Besides these previously known lesions, a new hypermetabolic lesion was seen on the non-attenuation-corrected (NAC) 18F–FDG-PET images. It corresponded to a new hypodense liver lesion on CT, implying a new liver metastasis. However, the lesion was not visible on the attenuation-corrected (AC) and MIP images because of breathing motion-induced misregistration and subsequent lung density attenuation correction, which strongly reduces the apparent uptake in the lesion. This lesion has important consequences for the patient with regard to further treatment options (switch to another tyrosine kinase inhibitor) and illustrates the importance to look at NAC images on all oncological scans, in particular not to miss liver lesions within the liver dome [7, 8].
This case illustrates that metabolic response to third line regorafinib treatment can occur in GIST lesions without morphological response. Therefore, even though it did not affect treatment decision in this case, this finding highlights the importance of 18F–FDG PET scans in the evaluation of treatment response in future GIST tumors cases.
- 18F-FDG PET:
Fluor-Fluorodeoxyglucose Positron Emission Tomography
c-KIT exon 11 deletion
Complete metabolic response
Gastro-intestinal stromal tumors
Maximal intensity projection
Partial metabolic response
Respons Evaluation Criteria in Solid Tumours
- Δdiammax :
- ΔSUVmax :
Maximal standardized uptake value
Maki RG, Blay JY, Demetri GD, Fletcher JA, Joensuu H, Martin-Broto J, et al. Key issues in the clinical Management of Gastrointestinal Stromal Tumors: an expert discussion. Oncologist. 2015;20:823–30.
Valsangkar N, Sehdev A, Misra S, Zimmers TA, O'Neil BH, Koniaris LG. Current management of gastrointestinal stromal tumors: surgery, current biomarkers, mutations, and therapy. Surgery. 2015;158:1149–64.
Demetri GD, Reichardt P, Kang YK, Blay JY, Rutkowski P, Gelderblom H, et al. Efficacy and safety of regorafenib for advanced gastrointestinal stromal tumours after failure of imatinib and sunitinib (GRID): an international, multicentre, randomised, placebo-controlled, phase 3 trial. Lancet. 2013;381:295–302.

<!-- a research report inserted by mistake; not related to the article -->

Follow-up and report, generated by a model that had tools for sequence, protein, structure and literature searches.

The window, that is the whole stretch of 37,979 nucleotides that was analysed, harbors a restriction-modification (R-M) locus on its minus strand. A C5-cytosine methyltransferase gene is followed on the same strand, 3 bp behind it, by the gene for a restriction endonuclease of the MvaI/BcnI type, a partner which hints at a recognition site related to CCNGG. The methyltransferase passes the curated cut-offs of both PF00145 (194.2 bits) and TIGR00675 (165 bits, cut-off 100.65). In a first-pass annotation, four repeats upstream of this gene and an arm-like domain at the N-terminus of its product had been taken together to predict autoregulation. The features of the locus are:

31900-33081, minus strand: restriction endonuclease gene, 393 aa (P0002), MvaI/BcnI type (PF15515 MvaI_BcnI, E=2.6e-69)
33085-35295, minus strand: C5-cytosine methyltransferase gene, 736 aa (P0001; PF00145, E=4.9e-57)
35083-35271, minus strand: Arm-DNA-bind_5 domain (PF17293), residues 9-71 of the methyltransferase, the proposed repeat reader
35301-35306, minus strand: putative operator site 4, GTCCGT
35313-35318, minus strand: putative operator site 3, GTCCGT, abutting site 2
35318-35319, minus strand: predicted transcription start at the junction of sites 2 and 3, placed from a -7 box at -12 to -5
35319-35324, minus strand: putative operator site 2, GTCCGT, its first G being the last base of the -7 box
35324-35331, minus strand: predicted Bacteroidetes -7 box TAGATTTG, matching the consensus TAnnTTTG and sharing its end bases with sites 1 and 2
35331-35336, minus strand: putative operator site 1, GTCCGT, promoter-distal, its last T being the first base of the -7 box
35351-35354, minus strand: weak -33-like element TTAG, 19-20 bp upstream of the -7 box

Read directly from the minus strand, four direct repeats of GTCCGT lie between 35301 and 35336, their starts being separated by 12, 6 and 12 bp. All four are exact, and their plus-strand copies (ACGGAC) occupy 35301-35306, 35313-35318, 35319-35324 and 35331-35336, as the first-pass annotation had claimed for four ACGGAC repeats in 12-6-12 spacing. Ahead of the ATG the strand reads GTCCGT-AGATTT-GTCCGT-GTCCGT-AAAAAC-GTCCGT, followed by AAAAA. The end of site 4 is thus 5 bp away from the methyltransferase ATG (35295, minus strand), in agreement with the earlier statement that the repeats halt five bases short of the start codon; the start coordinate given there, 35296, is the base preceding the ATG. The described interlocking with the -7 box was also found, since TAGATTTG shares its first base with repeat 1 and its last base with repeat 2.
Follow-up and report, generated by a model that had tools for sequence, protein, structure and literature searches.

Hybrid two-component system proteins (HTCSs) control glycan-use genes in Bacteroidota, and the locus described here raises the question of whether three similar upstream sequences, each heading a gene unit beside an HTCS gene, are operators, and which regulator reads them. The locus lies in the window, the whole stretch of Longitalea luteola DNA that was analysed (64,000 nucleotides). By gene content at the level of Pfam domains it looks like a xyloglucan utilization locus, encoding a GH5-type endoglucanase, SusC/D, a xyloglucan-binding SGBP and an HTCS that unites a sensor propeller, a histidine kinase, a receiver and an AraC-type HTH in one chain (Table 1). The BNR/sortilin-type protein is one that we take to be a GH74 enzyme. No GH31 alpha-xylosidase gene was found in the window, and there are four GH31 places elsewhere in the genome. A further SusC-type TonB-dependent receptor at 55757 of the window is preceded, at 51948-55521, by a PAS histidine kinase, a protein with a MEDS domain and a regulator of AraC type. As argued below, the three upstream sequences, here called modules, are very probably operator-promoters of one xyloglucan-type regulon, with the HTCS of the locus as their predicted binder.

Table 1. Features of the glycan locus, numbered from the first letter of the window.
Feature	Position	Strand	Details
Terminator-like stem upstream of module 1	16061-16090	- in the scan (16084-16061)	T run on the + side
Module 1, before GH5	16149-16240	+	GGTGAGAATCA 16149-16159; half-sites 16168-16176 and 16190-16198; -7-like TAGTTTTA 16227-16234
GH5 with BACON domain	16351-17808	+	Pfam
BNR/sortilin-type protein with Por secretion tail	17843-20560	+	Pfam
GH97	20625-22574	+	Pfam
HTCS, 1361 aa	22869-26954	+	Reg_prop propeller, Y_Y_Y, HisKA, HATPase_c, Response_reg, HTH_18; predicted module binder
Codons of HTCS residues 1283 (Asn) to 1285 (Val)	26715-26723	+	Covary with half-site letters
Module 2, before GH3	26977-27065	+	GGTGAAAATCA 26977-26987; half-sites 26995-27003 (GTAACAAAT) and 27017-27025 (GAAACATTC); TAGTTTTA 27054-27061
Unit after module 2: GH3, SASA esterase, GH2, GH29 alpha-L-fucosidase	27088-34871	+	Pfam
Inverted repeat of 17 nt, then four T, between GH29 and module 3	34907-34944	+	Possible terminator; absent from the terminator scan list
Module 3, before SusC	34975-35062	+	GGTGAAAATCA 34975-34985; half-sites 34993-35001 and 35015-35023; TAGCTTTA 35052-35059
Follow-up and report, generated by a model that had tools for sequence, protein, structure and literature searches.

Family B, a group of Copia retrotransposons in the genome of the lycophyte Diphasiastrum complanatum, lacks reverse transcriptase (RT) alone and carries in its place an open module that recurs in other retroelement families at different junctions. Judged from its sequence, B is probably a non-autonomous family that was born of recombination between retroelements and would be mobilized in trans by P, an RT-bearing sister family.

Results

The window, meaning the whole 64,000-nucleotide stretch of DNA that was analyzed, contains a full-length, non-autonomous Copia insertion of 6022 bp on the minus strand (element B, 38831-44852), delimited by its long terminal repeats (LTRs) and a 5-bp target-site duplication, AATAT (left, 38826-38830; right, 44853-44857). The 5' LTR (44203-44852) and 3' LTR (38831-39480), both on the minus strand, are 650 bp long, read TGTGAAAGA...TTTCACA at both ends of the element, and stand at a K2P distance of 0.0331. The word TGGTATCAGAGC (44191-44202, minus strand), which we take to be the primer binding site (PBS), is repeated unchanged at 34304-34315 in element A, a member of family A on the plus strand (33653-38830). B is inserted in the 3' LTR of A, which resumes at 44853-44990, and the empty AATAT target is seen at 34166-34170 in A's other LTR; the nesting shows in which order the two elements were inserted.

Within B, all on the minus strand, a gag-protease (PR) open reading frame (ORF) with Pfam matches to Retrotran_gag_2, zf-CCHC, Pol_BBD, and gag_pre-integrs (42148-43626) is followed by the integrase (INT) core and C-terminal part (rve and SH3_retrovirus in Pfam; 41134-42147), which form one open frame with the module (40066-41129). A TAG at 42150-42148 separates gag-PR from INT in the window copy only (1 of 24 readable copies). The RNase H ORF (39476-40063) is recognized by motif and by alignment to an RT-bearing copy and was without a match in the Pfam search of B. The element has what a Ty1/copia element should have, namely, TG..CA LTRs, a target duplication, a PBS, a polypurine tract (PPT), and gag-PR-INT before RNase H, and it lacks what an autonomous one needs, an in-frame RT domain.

Hassanzadeh-Rad A, Yousefifard M, Katal S, Asady H, Fard-Esfahani A, Moghadas Jafari A, et al. The value of (18) F-fluorodeoxyglucose positron emission tomography for prediction of treatment response in gastrointestinal stromal tumors: a systematic review and meta-analysis. J Gastroenterol Hepatol. 2016;31:929–35.
Young H, Baum R, Cremerius U, Herholz K, Hoekstra O, Lammertsma AA, et al. Measurement of clinical and subclinical tumour response using [18F]-fluorodeoxyglucose and positron emission tomography: review and 1999 EORTC recommendations. European Organization for Research and Treatment of cancer (EORTC) PET study group. Eur J Cancer. 1999;35:1773–82.
Eisenhauer EA, Therasse P, Bogaerts J, Schwartz LH, Sargent D, Ford R, et al. New response evaluation criteria in solid tumours: revised RECIST guideline (version 1.1). Eur J Cancer. 2009;45:228–47.
Papathanassiou D, Liehn JC, Bourgeot B, Amir R, Marcus C. Cesium attenuation correction of the liver dome revealing hepatic lesion missed with computed tomography attenuation correction because of the respiratory motion artifact. Clin Nucl Med. 2005;30:120–1.
Sarikaya I, Yeung HW, Erdi Y, Larson SM. Respiratory artefact causing malpositioning of liver dome lesion in right lower lung. Clin Nucl Med. 2003;28:943–4.
We have no acknowledgments to be made.
No funding for this case report was received.
Availability of data and materials
The datasets used and/or analysed during the current study are available from the corresponding author on reasonable request.
Ethics approval and consent to participate
This study was approved by the Ethics Committee UZ Leuven. Informed written consent from the patient was received.
Consent for publication
Written informed consent for publication of their clinical details and/or clinical images was obtained from the patient. A copy of the consent form is available for review by the Editor of this journal.
The authors declare that they have no competing interests.
Springer Nature remains neutral with regard to jurisdictional claims in published maps and institutional affiliations.
About this article
Cite this article
Van Weehaeghe, D., Gheysens, O., Vandecaveye, V. et al. Mixed response on regorafenib treatment for GIST (gastro-intestinal stromal tumor) according to 18F–FDG-PET/CT. BMC Cancer 18, 253 (2018). https://doi.org/10.1186/s12885-018-4154-7
- Respiratory motion
- Case report